Michigan Retirement System Sues Generac Over Solar Power Defect

Class action alleges company executives failed to disclose faulty solar component.

A Michigan retirement system is suing energy technology company Generac Holdings Inc. and some of its executives for allegedly failing to disclose material information by hiding from investors a defective component central to its solar power products.

The lawsuit, filed in December 2022 in the U.S. District Court for the Eastern District of Wisconsin by the Oakland County Employees’ Retirement System and the Oakland County Voluntary Employees’ Beneficiary Association, alleges Waukesha, Wisconsin-based Generac and certain executives concealed from investors a defective component of its SnapRS product, which is intended to rapidly shut down solar devices in certain dangerous situations.

The Pontiac, Michigan-based retirement system brought the securities class action on behalf of all Generac investors, and the deadline to apply for lead plaintiff status was Monday.

“Rather than protecting consumers, the SnapRS would overheat, melt and, in some cases, start fires,” alleges the Oakland County complaint. “Defendants knew that the versions of the SnapRS installed in thousands of homes were defective and dangerous. Numerous consumers filed complaints with regulators, and Generac’s business partners that sold, installed, and serviced Generac’s solar products informed the company of the SnapRS defect.”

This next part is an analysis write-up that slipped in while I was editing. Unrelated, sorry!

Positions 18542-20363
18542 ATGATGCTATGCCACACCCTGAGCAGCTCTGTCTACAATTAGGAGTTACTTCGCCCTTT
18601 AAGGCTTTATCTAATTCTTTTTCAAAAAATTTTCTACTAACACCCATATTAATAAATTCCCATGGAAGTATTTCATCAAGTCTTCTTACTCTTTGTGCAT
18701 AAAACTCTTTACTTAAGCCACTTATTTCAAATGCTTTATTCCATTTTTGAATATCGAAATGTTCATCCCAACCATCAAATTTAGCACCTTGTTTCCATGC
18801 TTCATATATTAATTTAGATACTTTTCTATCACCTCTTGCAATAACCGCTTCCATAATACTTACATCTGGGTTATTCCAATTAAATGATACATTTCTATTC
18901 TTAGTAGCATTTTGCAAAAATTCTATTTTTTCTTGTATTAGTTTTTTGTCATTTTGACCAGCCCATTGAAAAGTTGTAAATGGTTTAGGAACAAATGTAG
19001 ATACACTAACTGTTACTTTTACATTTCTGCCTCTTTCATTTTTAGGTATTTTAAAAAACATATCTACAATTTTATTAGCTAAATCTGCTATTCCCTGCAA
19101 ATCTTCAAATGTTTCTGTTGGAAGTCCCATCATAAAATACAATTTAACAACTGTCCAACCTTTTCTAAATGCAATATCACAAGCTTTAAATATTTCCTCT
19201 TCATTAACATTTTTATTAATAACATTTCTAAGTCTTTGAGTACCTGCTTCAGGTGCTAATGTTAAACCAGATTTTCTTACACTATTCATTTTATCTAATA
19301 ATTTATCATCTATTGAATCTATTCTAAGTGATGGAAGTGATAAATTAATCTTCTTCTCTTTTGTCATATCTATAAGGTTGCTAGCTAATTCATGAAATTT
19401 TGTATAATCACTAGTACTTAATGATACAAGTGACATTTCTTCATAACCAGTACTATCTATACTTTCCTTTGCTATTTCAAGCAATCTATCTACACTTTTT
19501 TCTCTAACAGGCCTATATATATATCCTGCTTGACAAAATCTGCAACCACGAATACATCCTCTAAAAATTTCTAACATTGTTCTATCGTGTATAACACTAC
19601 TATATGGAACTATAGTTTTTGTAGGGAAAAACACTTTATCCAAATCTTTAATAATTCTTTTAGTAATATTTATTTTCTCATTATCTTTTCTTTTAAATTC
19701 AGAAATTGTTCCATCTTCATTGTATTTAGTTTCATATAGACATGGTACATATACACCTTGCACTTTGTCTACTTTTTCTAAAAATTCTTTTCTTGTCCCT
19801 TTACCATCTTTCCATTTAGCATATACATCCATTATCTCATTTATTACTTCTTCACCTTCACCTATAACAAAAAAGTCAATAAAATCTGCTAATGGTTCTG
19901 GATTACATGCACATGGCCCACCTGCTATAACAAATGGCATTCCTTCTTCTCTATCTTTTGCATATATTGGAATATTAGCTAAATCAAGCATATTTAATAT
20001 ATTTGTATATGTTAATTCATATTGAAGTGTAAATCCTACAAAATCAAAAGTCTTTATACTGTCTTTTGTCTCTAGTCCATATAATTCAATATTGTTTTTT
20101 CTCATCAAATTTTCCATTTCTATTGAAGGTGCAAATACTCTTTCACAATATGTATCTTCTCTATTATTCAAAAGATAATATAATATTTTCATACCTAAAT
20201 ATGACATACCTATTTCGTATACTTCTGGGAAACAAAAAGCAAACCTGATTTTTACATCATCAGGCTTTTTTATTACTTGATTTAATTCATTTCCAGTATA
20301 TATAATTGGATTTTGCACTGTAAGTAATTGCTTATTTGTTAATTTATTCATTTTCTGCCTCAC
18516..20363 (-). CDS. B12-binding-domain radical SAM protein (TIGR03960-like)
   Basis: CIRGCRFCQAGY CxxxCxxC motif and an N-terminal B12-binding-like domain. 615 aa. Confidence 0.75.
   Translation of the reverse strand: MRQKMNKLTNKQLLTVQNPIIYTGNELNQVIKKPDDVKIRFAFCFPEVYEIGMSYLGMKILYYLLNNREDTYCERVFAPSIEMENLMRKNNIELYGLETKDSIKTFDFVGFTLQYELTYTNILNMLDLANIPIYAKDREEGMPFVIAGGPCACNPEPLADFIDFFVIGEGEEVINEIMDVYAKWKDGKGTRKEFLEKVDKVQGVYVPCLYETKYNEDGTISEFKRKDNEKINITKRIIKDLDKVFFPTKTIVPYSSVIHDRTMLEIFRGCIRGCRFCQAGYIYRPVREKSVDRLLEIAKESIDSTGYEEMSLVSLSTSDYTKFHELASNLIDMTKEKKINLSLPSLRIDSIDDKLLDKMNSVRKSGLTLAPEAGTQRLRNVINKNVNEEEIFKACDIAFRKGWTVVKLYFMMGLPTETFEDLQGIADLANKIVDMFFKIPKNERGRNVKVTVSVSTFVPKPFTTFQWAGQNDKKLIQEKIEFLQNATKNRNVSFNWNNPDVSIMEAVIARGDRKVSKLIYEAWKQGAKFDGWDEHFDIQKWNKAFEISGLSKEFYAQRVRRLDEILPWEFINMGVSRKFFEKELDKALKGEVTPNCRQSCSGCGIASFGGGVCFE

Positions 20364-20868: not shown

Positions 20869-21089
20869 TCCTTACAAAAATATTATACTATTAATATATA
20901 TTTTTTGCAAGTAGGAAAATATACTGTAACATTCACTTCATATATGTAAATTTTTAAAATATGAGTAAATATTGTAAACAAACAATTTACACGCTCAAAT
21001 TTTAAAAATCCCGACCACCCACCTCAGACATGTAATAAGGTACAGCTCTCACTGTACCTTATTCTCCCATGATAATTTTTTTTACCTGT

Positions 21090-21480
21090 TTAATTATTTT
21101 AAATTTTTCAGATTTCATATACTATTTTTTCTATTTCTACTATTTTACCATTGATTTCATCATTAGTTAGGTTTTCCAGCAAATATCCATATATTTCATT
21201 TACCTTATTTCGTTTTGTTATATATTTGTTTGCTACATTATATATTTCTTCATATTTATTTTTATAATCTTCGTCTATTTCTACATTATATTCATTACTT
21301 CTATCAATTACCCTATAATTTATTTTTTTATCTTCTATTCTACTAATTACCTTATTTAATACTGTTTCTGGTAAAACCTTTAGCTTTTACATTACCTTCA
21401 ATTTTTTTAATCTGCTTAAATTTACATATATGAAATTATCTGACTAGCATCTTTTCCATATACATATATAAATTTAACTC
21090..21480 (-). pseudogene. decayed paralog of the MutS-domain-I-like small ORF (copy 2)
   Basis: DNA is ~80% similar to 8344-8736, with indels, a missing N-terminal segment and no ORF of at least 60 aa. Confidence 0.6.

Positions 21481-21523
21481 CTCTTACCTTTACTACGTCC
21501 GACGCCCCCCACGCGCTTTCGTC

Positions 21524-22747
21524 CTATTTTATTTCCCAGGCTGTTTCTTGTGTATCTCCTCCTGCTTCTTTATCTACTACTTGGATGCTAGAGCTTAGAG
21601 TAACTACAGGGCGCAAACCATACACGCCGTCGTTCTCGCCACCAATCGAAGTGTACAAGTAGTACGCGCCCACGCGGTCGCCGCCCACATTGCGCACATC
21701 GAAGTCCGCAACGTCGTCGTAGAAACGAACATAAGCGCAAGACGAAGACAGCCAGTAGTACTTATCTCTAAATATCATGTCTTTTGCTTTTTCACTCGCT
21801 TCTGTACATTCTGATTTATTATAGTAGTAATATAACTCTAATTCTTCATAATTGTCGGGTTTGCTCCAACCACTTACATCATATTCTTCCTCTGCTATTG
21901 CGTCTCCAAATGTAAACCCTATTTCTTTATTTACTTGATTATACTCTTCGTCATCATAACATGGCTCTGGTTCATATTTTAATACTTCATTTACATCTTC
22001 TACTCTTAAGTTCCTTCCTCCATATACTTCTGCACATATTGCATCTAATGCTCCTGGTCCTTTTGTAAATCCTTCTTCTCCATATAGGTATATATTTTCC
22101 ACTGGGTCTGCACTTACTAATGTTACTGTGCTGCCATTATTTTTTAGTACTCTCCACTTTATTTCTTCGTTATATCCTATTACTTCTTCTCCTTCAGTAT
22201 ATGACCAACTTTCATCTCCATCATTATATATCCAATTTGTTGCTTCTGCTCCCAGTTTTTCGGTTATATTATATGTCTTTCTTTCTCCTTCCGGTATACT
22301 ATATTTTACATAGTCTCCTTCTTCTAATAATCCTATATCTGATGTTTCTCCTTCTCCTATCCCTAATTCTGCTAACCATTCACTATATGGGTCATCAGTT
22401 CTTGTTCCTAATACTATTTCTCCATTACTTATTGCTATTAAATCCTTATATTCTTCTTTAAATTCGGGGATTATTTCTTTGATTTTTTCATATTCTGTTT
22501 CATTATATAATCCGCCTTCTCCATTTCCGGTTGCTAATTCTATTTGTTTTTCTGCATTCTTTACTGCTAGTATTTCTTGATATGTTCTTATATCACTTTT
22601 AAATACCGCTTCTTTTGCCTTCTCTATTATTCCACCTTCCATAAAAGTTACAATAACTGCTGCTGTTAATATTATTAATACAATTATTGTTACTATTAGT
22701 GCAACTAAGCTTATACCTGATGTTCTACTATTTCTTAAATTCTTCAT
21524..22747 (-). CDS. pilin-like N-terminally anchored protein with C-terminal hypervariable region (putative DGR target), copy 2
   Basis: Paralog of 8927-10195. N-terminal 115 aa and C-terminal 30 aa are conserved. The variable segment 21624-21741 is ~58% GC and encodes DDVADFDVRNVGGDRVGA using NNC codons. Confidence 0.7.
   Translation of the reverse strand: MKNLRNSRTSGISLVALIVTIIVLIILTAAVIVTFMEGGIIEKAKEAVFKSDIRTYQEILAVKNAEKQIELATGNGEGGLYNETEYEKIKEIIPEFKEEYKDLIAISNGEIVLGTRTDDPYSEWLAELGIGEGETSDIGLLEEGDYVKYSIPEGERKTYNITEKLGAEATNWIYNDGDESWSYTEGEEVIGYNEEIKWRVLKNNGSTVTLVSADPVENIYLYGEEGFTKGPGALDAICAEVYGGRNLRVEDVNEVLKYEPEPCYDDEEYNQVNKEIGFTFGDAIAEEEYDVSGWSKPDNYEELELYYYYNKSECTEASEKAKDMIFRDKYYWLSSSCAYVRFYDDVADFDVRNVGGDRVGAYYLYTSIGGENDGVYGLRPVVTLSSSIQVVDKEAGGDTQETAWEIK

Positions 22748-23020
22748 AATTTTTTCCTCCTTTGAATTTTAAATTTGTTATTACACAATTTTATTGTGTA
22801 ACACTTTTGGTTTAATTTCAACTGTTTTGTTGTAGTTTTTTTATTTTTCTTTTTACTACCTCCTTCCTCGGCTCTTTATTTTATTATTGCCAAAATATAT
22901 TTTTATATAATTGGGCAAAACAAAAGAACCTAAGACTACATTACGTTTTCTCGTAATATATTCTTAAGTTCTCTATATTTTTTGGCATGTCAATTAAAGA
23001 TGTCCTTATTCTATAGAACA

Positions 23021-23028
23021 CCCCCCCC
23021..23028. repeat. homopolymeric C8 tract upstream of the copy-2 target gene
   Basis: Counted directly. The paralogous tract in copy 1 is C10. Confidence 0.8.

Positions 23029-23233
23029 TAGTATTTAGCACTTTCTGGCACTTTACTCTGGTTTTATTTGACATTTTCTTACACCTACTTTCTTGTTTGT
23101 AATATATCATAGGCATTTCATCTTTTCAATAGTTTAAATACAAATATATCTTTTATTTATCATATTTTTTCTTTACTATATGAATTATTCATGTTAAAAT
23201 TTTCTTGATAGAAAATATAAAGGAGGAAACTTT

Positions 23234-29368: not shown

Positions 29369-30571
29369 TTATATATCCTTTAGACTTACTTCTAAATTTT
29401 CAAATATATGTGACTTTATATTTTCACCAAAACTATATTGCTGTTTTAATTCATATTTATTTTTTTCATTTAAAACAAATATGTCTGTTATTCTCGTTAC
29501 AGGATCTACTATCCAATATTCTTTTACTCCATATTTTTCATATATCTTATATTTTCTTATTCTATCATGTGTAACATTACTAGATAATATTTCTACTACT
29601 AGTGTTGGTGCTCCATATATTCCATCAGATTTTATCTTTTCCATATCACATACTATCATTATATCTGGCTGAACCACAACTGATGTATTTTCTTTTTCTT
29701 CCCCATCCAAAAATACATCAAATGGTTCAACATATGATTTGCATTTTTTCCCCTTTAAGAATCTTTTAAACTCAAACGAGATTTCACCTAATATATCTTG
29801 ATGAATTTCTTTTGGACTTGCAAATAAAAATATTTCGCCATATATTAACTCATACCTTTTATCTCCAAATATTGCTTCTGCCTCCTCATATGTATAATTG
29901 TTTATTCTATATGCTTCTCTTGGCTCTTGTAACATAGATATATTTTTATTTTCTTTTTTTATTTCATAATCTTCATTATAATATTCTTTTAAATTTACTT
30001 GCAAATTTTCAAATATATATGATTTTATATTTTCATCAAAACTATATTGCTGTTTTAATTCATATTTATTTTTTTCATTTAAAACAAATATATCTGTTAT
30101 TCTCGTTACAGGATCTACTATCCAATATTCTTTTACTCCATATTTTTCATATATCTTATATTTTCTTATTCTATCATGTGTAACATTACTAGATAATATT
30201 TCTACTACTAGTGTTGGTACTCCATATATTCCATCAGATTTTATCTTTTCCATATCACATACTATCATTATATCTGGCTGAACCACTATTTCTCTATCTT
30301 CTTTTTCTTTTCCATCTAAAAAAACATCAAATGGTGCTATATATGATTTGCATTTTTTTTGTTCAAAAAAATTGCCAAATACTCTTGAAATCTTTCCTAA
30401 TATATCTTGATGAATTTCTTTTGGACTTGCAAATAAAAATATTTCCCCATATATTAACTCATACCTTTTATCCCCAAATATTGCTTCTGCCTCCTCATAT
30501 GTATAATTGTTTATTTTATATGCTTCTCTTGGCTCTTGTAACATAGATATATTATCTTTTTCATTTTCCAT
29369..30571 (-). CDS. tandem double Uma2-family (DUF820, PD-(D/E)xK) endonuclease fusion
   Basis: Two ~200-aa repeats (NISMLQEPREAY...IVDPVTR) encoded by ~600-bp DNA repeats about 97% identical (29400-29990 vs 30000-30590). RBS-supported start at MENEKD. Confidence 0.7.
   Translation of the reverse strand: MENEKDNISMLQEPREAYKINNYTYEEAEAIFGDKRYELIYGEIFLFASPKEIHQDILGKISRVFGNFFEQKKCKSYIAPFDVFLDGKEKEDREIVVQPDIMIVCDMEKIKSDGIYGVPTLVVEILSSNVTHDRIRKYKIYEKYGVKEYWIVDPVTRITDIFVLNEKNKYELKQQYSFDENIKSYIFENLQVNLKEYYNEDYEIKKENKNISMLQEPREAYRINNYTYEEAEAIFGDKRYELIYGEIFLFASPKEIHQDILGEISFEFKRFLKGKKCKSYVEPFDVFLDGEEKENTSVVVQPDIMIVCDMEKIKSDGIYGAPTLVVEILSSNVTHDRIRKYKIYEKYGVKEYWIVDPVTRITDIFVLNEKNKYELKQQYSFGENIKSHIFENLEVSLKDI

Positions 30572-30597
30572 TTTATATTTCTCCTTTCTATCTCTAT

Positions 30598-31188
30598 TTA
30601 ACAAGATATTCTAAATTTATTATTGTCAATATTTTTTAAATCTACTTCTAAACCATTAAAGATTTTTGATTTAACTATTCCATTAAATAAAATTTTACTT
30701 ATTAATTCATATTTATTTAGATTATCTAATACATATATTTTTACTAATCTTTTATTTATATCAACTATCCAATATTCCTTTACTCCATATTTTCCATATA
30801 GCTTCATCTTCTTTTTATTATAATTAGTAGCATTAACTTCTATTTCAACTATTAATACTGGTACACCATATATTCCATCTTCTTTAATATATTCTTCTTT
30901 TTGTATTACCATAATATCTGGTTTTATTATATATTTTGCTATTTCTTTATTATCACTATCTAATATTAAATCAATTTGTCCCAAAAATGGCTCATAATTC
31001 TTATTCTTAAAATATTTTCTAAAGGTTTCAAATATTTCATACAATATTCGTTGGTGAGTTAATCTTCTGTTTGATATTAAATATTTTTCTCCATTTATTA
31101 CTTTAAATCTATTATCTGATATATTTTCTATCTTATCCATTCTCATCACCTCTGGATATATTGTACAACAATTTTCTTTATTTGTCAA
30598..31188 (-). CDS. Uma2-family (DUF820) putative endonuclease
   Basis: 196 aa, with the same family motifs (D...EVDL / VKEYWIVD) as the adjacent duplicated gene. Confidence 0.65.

The Michigan lawsuit alleges that instead of warning investors and consumers, Generac continued to tout the success and reliability of its solar energy products while “quietly” making minor modifications to the SnapRS, including issuing a firmware update. “After these modifications failed to fix the SnapRS, defendants continued to mislead investors,” the suit alleges.

Generac relied on channel partners to sell, service and install its solar battery storage systems, including Power Home Solar, also known as Pink Energy. The lawsuit alleges Generac misled investors about its dependence on Pink Energy, “falsely assuring investors that no single customer or partner drove more than 6% of its sales and that Generac had a broad and diverse network of distribution partners.”

The lawsuit says investors began to learn about the defective component in August 2022, when Pink Energy filed a lawsuit against Generac that alleged the company’s “defective” SnapRS components caused millions of dollars of damage and led to Pink Energy going bankrupt.

Following Pink Energy’s October 2022 bankruptcy filing, Generac reported in its preliminary financial results for the third quarter of 2022 that it faced pre-tax charges of approximately $55 million “related to a clean energy product customer that has filed for bankruptcy.”

The pension funds’ lawsuit alleges the disclosures caused a 25% drop in Generac’s share price, which fell another 8% when it released its Q3 2022 earnings and cut its sales guidance for its solar energy business by approximately 40% due to the loss of a major customer.

“We are still reviewing the allegations in the case but intend on vigorously defending ourselves in the matter,” a Generac spokesperson told CIO. The spokesperson would not comment further, as the litigation is pending.


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